As Mohammed Bin Salman (MBS) continues to try to sell a more liberal image of Saudi Arabia to outsiders, Sarah Al-Otaibi, a Saudi-Lebanese writer, has referred to this hypocrisy as "reformist talk, repressive action". In an article for IFEX, Al-Otaibi argues that although the Saudi government never truly tolerated dissent, "under MBS, the dangers that dissidents face have worsened considerably". This includes going after Saudi activists. They use a relatively simple method: "Profile activists gaining traction on social media, monitor their activity, and attack when and where they are vulnerable". These tactics have so far been effective: the well-known exiled Saudi activist Manal Al-Sharif, known for her campaign against the ban, deactivated her Twitter account of over 270,000 followers.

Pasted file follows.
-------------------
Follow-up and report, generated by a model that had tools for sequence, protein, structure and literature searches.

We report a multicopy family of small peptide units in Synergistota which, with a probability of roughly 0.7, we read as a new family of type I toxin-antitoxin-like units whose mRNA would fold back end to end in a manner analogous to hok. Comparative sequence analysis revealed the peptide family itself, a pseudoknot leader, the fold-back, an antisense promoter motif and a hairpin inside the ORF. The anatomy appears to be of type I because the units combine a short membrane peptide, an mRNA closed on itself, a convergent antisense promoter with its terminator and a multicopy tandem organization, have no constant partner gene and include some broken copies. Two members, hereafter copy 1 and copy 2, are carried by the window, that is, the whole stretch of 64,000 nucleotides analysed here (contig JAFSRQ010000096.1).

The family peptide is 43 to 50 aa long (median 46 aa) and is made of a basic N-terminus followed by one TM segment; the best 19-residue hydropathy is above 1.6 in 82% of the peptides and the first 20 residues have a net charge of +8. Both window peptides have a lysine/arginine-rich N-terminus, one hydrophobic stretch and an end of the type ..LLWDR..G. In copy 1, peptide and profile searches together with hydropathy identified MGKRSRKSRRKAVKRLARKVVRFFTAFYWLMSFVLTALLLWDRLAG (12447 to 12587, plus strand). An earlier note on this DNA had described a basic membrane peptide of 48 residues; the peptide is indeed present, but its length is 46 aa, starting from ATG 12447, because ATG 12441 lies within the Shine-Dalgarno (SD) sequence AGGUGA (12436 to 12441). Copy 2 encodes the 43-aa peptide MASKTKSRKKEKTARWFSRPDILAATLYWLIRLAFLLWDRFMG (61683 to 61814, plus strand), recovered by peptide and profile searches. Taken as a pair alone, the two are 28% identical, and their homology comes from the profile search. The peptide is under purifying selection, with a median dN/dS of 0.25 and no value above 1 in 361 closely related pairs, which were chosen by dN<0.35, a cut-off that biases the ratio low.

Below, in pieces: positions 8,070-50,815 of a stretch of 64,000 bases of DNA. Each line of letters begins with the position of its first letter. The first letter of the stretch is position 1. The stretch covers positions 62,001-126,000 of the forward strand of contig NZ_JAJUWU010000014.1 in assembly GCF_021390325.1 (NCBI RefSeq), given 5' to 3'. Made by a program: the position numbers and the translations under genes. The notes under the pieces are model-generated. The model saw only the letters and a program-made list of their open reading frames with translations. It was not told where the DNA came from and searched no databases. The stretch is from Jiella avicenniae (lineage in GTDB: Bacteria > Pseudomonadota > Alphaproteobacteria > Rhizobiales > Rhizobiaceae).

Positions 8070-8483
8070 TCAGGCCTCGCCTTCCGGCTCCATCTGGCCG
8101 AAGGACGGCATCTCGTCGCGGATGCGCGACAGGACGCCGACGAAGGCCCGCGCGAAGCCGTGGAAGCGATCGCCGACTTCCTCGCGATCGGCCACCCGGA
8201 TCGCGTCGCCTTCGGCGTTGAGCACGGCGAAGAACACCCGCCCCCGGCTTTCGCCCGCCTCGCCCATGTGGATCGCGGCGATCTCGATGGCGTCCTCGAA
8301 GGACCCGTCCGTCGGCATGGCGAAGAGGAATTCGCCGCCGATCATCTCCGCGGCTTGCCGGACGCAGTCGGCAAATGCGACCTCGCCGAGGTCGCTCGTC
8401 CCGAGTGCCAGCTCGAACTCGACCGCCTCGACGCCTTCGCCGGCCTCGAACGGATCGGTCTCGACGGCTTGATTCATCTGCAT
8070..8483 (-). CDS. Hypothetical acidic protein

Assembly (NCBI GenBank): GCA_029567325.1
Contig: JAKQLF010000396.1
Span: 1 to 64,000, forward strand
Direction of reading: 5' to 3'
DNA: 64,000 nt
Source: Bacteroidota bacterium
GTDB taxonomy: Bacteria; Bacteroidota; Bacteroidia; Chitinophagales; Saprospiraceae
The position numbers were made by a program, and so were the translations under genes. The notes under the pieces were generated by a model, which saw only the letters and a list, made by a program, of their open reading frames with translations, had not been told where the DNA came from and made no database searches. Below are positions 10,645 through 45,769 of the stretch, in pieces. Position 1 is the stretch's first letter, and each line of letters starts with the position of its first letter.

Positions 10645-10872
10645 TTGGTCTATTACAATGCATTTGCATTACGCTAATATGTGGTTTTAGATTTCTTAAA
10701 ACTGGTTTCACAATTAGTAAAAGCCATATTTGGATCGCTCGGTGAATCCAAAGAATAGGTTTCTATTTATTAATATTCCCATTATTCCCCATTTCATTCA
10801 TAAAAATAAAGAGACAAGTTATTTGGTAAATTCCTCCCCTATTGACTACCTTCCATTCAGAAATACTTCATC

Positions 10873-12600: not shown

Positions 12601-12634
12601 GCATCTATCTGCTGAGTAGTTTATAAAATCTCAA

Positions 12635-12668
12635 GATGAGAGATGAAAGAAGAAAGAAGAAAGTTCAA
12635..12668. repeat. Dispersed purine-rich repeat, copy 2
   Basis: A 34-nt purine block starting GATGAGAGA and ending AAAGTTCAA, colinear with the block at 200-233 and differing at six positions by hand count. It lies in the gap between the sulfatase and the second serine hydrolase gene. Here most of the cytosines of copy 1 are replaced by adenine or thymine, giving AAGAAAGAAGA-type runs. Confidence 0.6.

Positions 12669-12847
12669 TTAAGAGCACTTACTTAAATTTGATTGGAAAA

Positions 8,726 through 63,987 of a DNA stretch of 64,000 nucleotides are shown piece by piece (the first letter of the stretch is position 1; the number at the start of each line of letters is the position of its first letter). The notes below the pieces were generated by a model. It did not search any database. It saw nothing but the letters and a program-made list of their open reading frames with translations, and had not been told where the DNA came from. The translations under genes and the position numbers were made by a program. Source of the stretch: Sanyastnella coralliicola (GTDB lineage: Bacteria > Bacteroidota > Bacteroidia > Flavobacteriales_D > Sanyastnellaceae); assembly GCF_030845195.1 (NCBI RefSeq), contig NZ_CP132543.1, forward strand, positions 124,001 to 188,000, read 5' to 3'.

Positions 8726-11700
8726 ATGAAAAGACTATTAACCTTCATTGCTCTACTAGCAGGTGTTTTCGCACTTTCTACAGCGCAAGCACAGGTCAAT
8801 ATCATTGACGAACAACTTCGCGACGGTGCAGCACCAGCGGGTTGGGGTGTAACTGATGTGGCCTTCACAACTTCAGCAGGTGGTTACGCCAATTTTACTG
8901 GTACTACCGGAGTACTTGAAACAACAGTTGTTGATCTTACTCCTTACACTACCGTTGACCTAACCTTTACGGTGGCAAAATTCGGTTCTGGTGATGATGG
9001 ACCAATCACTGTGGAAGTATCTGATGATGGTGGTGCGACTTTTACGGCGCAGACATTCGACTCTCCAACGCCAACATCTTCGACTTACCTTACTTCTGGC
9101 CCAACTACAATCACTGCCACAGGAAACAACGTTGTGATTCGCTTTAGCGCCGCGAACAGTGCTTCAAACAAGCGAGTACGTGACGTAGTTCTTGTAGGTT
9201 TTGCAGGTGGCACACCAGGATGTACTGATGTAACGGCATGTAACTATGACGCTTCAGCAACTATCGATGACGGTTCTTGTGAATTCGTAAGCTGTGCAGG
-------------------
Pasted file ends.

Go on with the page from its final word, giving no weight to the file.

Other troubling stories came out in November with implications for the Khashoggi case. RSF reported that Ali Al-Ahmed, a Washington-based expert on terrorism and the Gulf states, received many "interview requests" from accounts posing as journalists, including as Khashoggi, a few months before his murder. Omar Abdulaziz, a well-known exiled activist, was approached by the Saudi embassy in Canada. When he refused what he believed was an attempt to lure him to the local embassy, the Saudi authorities "arrested two of his brothers and several of his friends in Saudi Arabia". Abdulaziz also learned that his conversations with Khashoggi had been intercepted by hackers linked to the Saudi government, as confirmed by the Citizen Lab and reported by The Guardian. As for Khashoggi's importance, and therefore threat, to Saudi politics, Abdulaziz told The Guardian that, "The Washington Post columns were frightening [to MBS]. It's like Mohammed bin Salman writing on a blackboard and Jamal Khashoggi would erase it in the night, with one column".